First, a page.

Derivative creation is not a supernatural act, but is simply the divine action by and through natural laws. To recognize such action in such laws is a religious mode of regarding phenomena, which a consistent theist must necessarily accept, and which an atheistic believer must similarly reject. But his conception, if deemed superfluous by a naturalist, can never be shown to be false by any investigations concerning natural laws, the constant action of which it presupposes.

The conflict has arisen through a misunderstanding. Some have supposed that by "creation" was necessarily meant either primary, that is, absolute creation, or, at least some supernatural action; they have therefore opposed the dogma of "creation" in the imagined interest of physical science.

Others have supposed that by "evolution" was necessarily meant a denial of divine action, a negation of the providence of God. They have therefore combated the theory of "evolution" in the imagined interest of religion.

It appears plain, then, that Christian thinkers are perfectly free to accept the general evolution theory. But are there any theological authorities to justify this view of the matter?

Now, considering how extremely recent are these biological speculations, it might hardly be expected a priori that writers of earlier ages should have given expression to doctrines harmonizing in any degee with such very modern views, nevertheless such most certainly is the case, and it would be easy to give numerous examples. It will be better, however, only to cite one or two authorities of weight. Now, perhaps no writer of the earlier Christian ages could be quoted whose authority is more generally recognized than that of St. Augustine. The same may be said of the medieval period, for St. Thomas Aquinas; and, since the movement of Luther, Suarez may be taken as a writer widely venerated as an authority, and one whose orthodoxy has never been questioned.

It must be borne in mind that for a considerable time after even the last of these writers, no one had disputed the generally received view as to the small age of the world or at least of the kinds of animals and plants inhabiting it. It becomes therefore much more striking if views formed under such a condidon of opinion are found to harmonize with modern ideas regarding "creation" and organic life.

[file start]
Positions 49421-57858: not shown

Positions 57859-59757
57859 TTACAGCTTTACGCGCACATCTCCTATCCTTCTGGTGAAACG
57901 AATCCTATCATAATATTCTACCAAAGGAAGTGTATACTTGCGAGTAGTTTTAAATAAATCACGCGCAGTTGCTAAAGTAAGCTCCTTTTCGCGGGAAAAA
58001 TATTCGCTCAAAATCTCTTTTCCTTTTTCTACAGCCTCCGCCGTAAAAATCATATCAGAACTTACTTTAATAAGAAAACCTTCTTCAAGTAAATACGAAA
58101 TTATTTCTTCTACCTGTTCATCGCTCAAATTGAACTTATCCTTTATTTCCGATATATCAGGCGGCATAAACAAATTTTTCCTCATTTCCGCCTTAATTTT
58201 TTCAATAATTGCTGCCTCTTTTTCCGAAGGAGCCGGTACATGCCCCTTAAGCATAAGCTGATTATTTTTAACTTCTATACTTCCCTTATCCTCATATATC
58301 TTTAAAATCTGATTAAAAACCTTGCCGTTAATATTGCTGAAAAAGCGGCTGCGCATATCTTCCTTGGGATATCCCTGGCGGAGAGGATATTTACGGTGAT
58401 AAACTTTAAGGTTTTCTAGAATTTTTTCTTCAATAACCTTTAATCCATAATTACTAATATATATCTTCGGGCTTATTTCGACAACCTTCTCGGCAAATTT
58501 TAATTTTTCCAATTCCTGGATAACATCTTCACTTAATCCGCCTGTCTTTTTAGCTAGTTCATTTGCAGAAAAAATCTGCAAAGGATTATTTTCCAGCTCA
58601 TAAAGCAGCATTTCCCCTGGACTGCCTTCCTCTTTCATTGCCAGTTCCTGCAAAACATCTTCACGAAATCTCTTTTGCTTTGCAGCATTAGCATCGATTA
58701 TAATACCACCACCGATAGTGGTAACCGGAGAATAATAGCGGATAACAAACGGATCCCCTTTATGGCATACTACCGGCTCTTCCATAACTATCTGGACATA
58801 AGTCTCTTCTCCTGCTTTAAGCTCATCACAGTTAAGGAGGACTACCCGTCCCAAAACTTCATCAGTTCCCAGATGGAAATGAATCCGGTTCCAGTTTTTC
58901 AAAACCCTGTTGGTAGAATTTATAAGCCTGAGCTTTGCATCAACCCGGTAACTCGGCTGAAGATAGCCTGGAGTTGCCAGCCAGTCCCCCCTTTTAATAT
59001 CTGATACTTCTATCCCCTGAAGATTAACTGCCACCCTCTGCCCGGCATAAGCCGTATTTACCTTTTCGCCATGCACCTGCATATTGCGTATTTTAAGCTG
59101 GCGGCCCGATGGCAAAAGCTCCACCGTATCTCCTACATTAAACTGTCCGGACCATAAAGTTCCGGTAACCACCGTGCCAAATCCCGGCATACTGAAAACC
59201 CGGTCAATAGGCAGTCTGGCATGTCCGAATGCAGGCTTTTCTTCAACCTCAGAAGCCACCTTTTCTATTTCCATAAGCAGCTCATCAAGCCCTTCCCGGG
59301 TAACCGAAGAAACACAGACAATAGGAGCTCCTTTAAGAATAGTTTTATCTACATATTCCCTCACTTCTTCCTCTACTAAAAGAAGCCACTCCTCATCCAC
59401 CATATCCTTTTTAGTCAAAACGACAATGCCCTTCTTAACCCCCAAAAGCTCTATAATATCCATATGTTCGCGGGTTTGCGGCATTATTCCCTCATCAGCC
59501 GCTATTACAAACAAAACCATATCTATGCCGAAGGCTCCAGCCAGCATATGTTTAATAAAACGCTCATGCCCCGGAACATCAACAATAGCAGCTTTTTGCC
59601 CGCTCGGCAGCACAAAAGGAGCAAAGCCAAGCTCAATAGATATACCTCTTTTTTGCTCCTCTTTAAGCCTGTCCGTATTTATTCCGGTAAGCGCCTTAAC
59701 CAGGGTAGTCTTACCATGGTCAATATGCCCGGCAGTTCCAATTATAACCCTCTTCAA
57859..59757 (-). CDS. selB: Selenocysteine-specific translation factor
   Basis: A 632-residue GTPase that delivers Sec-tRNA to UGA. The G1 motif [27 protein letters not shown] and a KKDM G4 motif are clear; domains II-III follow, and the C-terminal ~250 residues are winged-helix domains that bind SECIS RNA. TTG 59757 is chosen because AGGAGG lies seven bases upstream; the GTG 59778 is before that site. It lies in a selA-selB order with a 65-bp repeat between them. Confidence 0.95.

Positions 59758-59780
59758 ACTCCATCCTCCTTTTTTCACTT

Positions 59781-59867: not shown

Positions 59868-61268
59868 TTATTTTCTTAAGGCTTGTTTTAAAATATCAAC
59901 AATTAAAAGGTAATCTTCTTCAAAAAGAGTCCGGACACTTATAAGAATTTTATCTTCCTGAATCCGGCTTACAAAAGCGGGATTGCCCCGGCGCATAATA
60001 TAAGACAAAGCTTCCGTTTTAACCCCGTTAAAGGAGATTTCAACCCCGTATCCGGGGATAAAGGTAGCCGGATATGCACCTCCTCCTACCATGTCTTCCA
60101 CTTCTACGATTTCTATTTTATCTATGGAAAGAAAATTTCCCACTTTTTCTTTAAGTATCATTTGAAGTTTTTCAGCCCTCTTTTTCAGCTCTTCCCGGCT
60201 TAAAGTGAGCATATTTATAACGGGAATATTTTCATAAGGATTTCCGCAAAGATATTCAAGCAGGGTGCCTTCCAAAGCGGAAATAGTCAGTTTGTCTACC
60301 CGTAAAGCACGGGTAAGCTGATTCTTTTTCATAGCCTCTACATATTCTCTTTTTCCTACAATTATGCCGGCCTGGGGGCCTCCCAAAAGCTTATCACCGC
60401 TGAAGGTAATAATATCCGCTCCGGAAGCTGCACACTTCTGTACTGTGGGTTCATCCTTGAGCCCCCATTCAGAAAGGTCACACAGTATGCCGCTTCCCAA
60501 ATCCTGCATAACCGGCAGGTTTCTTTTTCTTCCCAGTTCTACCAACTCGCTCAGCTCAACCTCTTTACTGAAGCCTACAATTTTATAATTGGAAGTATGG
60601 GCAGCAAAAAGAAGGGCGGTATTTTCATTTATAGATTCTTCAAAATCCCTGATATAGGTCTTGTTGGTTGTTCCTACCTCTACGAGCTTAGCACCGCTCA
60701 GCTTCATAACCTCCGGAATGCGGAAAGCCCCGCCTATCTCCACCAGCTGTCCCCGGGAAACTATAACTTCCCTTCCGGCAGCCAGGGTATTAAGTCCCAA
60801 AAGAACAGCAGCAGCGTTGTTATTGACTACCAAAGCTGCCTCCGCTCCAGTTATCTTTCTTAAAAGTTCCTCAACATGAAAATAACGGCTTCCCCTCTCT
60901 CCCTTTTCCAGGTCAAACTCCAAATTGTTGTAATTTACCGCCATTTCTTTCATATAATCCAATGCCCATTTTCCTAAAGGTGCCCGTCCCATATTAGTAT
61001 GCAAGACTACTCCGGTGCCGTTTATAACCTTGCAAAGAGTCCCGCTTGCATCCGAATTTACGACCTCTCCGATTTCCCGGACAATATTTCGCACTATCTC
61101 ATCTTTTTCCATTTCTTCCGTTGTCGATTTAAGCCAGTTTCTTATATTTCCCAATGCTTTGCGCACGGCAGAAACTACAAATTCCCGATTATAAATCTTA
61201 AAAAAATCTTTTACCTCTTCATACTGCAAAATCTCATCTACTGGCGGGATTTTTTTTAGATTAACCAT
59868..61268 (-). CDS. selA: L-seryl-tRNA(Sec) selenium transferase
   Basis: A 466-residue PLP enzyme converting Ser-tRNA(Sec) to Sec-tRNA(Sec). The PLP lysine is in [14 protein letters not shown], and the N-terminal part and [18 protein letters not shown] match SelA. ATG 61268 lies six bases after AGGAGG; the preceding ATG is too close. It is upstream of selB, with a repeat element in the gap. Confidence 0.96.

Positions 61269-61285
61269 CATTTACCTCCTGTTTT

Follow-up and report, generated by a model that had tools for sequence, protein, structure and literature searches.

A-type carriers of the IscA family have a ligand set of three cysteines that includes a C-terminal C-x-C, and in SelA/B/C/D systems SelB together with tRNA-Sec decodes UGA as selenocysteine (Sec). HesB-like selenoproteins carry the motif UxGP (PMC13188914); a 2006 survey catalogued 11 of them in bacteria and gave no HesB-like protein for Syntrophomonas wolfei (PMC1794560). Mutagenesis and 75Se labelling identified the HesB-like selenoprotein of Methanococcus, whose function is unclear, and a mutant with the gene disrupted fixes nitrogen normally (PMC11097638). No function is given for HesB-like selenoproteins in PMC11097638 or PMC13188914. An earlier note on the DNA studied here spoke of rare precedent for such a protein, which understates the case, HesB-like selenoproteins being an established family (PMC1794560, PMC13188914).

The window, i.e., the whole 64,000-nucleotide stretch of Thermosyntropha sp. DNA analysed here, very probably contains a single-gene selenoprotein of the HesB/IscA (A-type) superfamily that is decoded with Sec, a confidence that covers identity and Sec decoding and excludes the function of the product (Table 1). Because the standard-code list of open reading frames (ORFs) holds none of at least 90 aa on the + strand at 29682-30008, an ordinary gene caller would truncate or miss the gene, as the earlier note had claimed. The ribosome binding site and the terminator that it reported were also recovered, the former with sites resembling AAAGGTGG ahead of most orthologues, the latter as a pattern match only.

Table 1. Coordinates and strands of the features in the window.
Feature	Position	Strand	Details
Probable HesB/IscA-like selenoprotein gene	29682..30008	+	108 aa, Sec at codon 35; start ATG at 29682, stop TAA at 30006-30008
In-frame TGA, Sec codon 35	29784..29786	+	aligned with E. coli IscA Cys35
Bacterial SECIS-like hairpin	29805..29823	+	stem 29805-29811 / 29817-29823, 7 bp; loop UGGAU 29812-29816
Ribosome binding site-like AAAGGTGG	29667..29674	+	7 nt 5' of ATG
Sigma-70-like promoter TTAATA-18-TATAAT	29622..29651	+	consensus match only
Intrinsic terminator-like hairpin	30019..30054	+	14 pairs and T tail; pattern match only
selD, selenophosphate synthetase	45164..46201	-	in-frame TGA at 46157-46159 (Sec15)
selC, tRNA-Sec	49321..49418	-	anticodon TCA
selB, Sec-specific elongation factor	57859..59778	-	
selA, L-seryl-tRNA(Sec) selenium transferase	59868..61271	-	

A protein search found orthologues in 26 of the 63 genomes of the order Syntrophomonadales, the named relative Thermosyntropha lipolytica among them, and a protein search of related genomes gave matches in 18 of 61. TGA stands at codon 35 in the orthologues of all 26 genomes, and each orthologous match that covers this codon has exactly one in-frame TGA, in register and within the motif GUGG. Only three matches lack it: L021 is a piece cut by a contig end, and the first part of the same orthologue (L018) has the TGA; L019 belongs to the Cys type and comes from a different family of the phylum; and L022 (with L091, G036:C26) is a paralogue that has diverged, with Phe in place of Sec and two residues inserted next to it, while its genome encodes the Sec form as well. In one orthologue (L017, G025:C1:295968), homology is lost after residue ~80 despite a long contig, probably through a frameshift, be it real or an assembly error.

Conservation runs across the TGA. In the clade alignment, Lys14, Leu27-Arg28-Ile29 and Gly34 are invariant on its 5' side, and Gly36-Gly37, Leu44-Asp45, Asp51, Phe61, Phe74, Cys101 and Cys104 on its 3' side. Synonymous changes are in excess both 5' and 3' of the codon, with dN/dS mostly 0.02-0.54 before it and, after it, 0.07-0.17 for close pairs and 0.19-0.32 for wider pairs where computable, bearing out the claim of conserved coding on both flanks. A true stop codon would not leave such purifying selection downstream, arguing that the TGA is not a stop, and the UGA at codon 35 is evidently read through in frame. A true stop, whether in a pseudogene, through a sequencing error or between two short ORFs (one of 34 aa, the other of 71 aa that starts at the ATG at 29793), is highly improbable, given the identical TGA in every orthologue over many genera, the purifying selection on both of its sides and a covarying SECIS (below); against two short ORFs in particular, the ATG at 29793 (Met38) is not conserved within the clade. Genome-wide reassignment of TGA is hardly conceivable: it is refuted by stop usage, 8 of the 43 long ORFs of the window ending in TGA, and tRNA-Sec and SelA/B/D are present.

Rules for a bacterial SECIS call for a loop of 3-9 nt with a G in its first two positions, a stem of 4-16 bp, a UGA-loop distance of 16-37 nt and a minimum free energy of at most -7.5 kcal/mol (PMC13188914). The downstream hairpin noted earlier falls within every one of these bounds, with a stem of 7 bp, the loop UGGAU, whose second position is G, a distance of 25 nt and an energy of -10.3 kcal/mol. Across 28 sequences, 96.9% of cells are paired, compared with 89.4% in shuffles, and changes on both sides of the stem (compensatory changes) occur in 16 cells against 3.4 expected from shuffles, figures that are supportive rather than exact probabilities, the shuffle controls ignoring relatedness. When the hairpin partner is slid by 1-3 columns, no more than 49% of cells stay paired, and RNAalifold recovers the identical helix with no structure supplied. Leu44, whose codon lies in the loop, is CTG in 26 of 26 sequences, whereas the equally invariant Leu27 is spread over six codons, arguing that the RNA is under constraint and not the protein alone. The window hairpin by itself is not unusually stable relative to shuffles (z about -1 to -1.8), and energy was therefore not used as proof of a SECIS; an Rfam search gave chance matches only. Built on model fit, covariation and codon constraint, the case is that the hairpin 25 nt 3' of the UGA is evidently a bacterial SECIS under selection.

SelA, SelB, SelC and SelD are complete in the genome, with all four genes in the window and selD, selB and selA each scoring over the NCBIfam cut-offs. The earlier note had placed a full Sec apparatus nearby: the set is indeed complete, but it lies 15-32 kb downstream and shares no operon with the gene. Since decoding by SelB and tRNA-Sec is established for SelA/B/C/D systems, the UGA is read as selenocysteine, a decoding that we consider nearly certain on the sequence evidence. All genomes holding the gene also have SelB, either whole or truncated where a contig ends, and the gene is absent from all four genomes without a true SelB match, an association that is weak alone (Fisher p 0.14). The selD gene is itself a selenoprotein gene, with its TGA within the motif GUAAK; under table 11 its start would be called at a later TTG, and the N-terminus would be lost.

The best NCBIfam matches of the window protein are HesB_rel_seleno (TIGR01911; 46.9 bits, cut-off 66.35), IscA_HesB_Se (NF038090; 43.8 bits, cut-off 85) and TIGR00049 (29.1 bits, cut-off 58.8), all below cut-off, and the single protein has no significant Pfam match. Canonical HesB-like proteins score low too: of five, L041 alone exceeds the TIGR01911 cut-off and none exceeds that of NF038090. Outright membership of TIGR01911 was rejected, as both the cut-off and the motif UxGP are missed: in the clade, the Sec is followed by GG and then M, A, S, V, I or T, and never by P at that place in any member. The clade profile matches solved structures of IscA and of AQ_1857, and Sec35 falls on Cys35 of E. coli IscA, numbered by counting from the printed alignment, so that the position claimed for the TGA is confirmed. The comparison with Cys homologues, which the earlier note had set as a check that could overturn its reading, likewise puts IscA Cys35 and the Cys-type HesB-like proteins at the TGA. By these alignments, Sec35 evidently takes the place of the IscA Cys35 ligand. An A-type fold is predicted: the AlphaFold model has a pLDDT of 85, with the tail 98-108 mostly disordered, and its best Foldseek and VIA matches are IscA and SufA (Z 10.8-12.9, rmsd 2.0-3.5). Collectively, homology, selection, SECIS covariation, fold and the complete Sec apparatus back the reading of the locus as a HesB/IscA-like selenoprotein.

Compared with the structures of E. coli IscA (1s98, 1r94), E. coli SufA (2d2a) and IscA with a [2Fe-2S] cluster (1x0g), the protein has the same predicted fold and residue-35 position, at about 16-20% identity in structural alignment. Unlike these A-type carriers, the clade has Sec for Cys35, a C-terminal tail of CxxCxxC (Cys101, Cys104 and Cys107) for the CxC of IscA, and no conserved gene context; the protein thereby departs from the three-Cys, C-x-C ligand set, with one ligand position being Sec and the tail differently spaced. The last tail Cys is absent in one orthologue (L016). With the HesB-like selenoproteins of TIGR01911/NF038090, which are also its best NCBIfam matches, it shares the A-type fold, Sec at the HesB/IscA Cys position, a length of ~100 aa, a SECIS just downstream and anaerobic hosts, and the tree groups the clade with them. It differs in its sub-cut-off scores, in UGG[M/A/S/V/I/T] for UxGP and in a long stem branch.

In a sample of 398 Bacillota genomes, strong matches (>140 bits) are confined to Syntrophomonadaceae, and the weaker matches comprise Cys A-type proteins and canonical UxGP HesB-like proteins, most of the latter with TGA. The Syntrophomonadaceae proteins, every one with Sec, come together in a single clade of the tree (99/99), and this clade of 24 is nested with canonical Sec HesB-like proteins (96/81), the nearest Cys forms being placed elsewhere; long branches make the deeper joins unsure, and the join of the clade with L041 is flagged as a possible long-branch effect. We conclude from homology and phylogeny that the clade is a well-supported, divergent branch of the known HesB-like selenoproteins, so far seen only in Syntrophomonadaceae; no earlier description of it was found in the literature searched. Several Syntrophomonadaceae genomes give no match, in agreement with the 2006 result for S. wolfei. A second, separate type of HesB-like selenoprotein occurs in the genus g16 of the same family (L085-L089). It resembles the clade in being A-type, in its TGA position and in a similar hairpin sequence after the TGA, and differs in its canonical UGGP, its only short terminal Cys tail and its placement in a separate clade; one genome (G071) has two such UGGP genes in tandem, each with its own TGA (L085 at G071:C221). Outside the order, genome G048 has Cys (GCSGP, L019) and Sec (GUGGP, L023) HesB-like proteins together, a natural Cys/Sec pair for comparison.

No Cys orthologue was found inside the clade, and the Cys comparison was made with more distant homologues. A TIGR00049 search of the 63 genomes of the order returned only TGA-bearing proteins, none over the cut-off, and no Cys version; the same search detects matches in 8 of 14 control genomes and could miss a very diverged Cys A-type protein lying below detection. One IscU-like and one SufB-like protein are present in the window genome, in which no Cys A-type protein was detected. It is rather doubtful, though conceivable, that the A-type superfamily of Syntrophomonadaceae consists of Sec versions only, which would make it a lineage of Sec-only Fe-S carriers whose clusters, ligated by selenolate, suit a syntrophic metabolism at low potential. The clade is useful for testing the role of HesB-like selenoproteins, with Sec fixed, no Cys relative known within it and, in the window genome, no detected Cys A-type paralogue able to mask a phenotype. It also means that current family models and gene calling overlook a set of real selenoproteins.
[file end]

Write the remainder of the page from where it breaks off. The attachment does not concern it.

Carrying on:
Now, St. Augustine insists in a very remarkable manner on the merely derivative sense in which God's creation of organic forms is to be understood; that is that God created them by conferring on the material world the power to evolve them under suitable conditions. He says in his book on Genesis: "Terrestria animalia, tanquam ex ultimo elemento mundi ultima; nihilominus potentialiter, quorum numeros tempus postea visibiliter explicare.@ This means that God created terrestrial animals last of all, as from the last remaining element; however, he created them not completely but containing within themselves a potentiality, the various kinds (or species) of which, time should hereafter unfold and make plain....

St. Thomas Aquinas . . . quotes with approval the saying of St. Augustine, that in the first institution of nature we do not look for miracles, but for the laws of nature...Again, he quotes with approval St. Augustine's assertion that the kinds were created only derivatively, "potentialiter tantum."

It is then evident that ancient and most venerable theological authorities distinctly assert derivative creation, and thus harmonize with all that modern science can possibly require. It may indeed truly be said with Roger Bacon, "The saints never condemned many an opinion which the moderns think ought to be condemned."....

Surely the evidence from physical facts agrees well with the overruling, concurrent action of God in the order of nature; which is no miraculous action, but the operation of laws which owe their foundation, institution and maintenance, to an omniscient Creator of whose intelligence our own is a feeble adumbration, inasmuch as it is created in the "image" and "likeness" of its Maker.